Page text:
Sept. 27, 2016 11:33 AM

Following a record number of graduates and four-year transfers, officials with the Louisiana Community and Technical College System are wondering where additional resources will come from now that a special fund that partly contributed to this growth has been expended.

During the 2015-2016 school year, the state’s community and technical colleges collectively graduated nearly 29,000 students — that’s up from roughly 23,000 graduates during the previous year.

Approximately 80 percent of these graduates earned associate degrees or certifications for in-demand, high-income fields that have been the focus of the Louisiana Workforce Commission.

The most recent school year also included a record-breaking 15,800 students who successfully transferred to four-year universities.

Tim Hardy, chairman of the LCTCS Board of Supervisors, said the results were aided by the one-time investment of the Workforce and Innovation for a Stronger Economy Fund, or WISE Fund. Signed into law in 2014 by former Gov. Bobby Jindal, it directed $12 million to two-year colleges.

Dr. Monty Sullivan, president of LCTCS, asked the system board to authorize 100 percent of the fund’s appropriation for “high-value programs aligned with local workforce demands,” like computer science, process technology, construction crafts, engineering technology, industrial production, allied health, manufacturing and accounting.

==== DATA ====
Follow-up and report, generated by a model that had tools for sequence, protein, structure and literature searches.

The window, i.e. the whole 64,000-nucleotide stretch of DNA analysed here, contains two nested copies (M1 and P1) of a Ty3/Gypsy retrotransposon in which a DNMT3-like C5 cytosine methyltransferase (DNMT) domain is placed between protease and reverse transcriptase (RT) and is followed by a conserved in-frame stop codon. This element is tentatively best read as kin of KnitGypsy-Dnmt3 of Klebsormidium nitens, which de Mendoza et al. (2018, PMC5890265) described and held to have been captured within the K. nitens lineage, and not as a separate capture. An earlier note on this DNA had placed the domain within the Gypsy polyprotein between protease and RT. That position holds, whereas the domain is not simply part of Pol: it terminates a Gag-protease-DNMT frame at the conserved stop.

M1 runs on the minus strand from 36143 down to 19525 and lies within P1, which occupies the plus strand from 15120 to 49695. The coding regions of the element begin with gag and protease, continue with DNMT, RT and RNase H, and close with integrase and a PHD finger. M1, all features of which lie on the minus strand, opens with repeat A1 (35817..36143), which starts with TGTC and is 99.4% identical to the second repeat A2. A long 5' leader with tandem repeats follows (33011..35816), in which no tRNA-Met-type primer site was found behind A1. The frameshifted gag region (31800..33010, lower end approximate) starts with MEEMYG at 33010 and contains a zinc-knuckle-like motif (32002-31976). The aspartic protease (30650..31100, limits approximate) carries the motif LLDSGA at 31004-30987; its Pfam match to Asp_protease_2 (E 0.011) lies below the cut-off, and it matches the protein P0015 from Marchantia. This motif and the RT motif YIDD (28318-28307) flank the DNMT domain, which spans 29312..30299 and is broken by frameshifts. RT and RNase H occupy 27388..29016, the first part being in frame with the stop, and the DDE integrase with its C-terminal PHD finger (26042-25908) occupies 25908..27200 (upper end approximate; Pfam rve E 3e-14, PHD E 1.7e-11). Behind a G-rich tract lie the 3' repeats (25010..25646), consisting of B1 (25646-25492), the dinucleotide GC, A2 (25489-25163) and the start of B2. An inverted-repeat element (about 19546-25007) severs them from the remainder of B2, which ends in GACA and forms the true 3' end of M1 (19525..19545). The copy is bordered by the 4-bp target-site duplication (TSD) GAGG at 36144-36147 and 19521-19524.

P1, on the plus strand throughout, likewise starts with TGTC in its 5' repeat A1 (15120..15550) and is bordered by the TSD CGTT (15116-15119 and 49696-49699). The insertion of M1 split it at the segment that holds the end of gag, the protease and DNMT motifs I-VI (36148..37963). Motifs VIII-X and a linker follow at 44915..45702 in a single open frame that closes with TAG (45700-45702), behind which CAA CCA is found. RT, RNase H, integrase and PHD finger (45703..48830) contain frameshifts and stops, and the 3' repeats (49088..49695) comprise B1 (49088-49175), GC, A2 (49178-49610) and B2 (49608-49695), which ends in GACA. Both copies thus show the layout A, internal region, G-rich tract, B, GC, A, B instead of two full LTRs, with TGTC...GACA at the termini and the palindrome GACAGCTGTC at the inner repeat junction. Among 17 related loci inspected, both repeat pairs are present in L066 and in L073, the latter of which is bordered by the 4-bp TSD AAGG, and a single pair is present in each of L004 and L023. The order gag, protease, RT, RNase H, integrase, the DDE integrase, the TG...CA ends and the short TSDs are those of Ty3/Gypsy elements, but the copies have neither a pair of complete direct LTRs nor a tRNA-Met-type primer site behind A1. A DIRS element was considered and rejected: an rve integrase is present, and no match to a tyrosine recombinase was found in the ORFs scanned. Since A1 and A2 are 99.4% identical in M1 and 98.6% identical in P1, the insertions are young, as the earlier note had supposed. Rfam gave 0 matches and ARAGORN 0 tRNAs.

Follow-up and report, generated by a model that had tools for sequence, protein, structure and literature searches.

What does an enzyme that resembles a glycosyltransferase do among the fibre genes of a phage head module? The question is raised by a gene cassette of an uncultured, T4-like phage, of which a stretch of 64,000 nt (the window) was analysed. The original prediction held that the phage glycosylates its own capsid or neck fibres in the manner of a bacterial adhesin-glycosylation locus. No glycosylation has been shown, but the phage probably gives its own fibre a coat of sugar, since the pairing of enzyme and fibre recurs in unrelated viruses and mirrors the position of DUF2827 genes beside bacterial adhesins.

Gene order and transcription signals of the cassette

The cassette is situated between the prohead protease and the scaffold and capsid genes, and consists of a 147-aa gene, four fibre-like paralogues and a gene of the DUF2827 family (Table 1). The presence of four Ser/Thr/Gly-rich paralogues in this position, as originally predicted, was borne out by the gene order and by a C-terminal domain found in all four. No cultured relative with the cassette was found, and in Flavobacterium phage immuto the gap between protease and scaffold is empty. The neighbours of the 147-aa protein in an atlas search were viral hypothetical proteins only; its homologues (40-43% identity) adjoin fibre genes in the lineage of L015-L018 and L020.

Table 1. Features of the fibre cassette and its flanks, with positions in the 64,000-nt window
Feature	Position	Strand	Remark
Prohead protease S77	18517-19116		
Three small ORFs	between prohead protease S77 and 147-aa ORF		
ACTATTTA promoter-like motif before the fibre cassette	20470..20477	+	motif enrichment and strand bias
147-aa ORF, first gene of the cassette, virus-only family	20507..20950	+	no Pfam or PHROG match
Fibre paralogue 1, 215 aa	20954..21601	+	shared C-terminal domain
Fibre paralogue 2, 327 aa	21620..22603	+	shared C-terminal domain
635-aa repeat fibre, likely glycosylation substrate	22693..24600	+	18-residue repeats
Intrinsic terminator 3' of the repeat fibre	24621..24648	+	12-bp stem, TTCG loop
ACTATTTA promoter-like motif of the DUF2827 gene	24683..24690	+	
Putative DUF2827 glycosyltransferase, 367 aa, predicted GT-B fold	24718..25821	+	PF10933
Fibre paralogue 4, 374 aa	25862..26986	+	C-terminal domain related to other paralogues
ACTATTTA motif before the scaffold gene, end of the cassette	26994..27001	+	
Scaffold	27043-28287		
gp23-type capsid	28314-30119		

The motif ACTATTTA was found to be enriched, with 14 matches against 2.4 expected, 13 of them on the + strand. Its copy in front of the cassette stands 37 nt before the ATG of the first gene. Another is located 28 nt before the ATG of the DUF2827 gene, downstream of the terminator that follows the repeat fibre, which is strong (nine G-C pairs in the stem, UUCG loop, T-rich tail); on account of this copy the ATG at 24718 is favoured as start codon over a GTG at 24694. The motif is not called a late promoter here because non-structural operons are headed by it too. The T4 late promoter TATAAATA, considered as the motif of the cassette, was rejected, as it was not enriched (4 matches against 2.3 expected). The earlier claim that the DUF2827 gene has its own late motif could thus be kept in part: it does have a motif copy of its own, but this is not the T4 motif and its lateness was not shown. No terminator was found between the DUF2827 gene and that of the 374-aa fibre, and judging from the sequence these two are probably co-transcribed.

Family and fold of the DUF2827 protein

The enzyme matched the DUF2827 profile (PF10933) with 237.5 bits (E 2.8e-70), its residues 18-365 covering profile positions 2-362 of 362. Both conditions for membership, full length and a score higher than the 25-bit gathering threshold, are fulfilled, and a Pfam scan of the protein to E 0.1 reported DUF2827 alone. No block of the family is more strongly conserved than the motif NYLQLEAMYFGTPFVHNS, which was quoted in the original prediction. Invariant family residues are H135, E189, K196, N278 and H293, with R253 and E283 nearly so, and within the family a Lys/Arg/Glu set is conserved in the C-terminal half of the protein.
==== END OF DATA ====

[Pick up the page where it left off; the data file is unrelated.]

“Those funds have been able to touch thousands of people,” Sullivan said. “The result is thousands of people with credentials who are able to go to work and take care of their families who were not in that position a year ago.”

Sullivan said he does not want to lose sight of the significant role that the WISE Fund played.

“Now that WISE funds are depleted, the question becomes what’s next?” he asked. “How do we continue to close the skills gap and the educational attainment gap, which helps to solve two of our state’s biggest problems?”

As part of the solution, Sullivan pointed to “Our Louisiana 2020: Building the Workforce of Tomorrow,” which is a workforce-development plan. It calls for increasing the number of LCTCS graduates to 40,000 annually and quadrupling the number of student transfers to four-year universities.

The record-setting figures from the most recent school year puts the system on pace to accomplish these goals, Sullivan said, but there’s still a great deal of work to do.

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